Colombian President Juan Manuel Santos wants the United States to remove the Revolutionary Armed Forces of Colombia (FARC) from the State Department’s terror lists and suspend drug warrants on FARC drug commanders. President Santos says by doing this it will help seal the peace deal between Colombia and FARC. The United States State Department designated FARC a terrorist organization in October 18, 1997.
The Colombian government have said that President Santos and FARC are progressing in their peace accords, and both sides are highly confident a deal will be reached by the March 23 deadline. The United States decision on whether to keep or remove FARC on the State Department’s terror list may determine the outcome.
While 50 FARC leaders have been indicted on drug trafficking charges in the United States, President Santos says he wants the United States to allow Colombia to instill “transitional justice” that will suspend the warrants on indicted FARC members. He wants FARC members to be treated with leniency by not having any prosecutions it will allow FARC members to make a smooth transition back into society.
FARC has a long history of violence, terrorism, extortion, and drug trafficking throughout South American and Central America. Some of the groups more daring crimes included the kidnapping of presidential candidate Ingrid Betancourt in 2002; the assassination of the Cultural Minister in 2001; and the hijacking of a commercial airliner and subsequent kidnapping of Senator Turbay.
In 2009, the United States government determined that FARC was responsible for 60% of the cocaine supply entering the United States. The U.S. Treasury Department froze accounts of suspected FARC members it identified as significant traffickers.
A 2012 report from Insight Crime, an online periodical specializing on crime in Latin America and the Caribbean, claimed that FARC made $200 million per year in drug trafficking. In contrast, Colombian Defense Minister Juan Carlos Pinzon believes the numbers are really $2.4-$3.5 billion from drug profits.
FARC has had a strong connection to the Lebanon-based terrorist group Hezbollah in drug trafficking since the early 1980s. They cornered much of the market in cocaine and had assistance from friendly nations to distribute narcotics from South America all the way up to the United States.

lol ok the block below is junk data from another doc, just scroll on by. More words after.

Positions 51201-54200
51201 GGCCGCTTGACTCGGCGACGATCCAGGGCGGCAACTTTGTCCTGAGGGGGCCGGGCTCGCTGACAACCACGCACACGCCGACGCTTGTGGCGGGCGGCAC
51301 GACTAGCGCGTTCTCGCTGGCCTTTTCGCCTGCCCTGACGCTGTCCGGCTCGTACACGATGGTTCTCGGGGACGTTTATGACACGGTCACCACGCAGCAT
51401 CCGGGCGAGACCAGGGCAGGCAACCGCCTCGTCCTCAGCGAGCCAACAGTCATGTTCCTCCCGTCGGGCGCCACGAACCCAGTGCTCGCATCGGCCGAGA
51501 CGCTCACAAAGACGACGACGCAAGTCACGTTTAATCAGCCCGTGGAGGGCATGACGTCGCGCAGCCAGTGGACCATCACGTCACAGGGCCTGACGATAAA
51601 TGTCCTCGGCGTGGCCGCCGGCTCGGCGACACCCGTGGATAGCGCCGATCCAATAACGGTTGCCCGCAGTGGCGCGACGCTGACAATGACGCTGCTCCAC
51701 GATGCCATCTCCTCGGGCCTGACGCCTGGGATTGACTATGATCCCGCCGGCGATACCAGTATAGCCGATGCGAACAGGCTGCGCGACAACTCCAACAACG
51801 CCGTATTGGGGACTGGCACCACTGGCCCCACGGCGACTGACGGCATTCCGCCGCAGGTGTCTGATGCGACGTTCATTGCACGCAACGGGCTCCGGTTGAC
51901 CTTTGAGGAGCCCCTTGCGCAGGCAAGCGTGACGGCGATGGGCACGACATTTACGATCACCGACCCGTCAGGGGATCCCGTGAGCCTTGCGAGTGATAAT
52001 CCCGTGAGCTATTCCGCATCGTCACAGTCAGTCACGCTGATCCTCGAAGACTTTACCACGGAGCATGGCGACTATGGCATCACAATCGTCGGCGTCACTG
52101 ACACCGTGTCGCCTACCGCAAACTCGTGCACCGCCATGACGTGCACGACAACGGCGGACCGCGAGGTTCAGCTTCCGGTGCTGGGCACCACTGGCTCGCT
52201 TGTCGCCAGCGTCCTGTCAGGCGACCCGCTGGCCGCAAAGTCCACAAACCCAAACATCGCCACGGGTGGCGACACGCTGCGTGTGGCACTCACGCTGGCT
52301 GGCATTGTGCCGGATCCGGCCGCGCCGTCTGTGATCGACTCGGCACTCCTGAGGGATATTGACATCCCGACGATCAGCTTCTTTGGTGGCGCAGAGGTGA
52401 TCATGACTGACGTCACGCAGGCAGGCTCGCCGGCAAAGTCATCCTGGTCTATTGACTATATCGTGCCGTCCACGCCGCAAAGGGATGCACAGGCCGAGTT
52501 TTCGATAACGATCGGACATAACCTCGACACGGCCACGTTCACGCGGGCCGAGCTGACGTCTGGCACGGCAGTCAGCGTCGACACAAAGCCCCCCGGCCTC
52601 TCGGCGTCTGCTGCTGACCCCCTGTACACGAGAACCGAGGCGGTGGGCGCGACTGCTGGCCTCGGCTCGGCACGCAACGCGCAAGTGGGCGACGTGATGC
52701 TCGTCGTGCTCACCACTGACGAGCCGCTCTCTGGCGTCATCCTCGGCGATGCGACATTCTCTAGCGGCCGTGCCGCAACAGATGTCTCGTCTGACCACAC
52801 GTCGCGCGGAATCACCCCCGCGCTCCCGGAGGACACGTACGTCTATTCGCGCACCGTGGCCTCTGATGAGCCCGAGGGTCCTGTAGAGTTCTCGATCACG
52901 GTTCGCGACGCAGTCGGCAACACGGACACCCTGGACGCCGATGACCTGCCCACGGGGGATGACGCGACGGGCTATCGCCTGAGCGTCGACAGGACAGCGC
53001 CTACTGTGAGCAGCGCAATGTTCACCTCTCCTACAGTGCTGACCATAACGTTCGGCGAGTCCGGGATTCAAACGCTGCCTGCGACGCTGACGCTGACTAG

In 2000, U.S. lawmakers approved Plan Colombia, an aid package that would help the country combat guerillas violence, strengthen its institutions, and stop drug production and trafficking. Between 2000-2015 the United States could did contribute $10 billion in assistance to the Colombian government.
By comparison, On February 4, 2016, President Obama requested $450 million in aide for Colombia, conditioned in the finalization of the peace plan.
The deal has been met with skepticism by analysts in the United States in regards to the Colombian government’s role in disarming and controlling FARC. While President Santos previously pledged that any FARC member that continues to deal in drug trafficking will be extradited to the United States last March he said that no FARC member would ever be extradited to the United States.
President Santos found himself in an election campaign controversy when his political strategist Juan Jose Rendon, was accused of receiving $12 million from drug cartels. A former ally now opponent of President Santos accused Rendon of using drug cartel money to cover up debt costs from Santos’ 2010 presidential campaign. While Juan Jose Rendon denied the allegations he still immediately resigned from further participation in the Santos campaign.
As peace talks progress between FARC and Colombian government there is hope throughout the western hemisphere it will lead to stability in a region disseminated by violence for fifty years. It is reported that up to 220,000 people have been killed, 25,000 are missing, and 5.7 million displaced since the conflict began.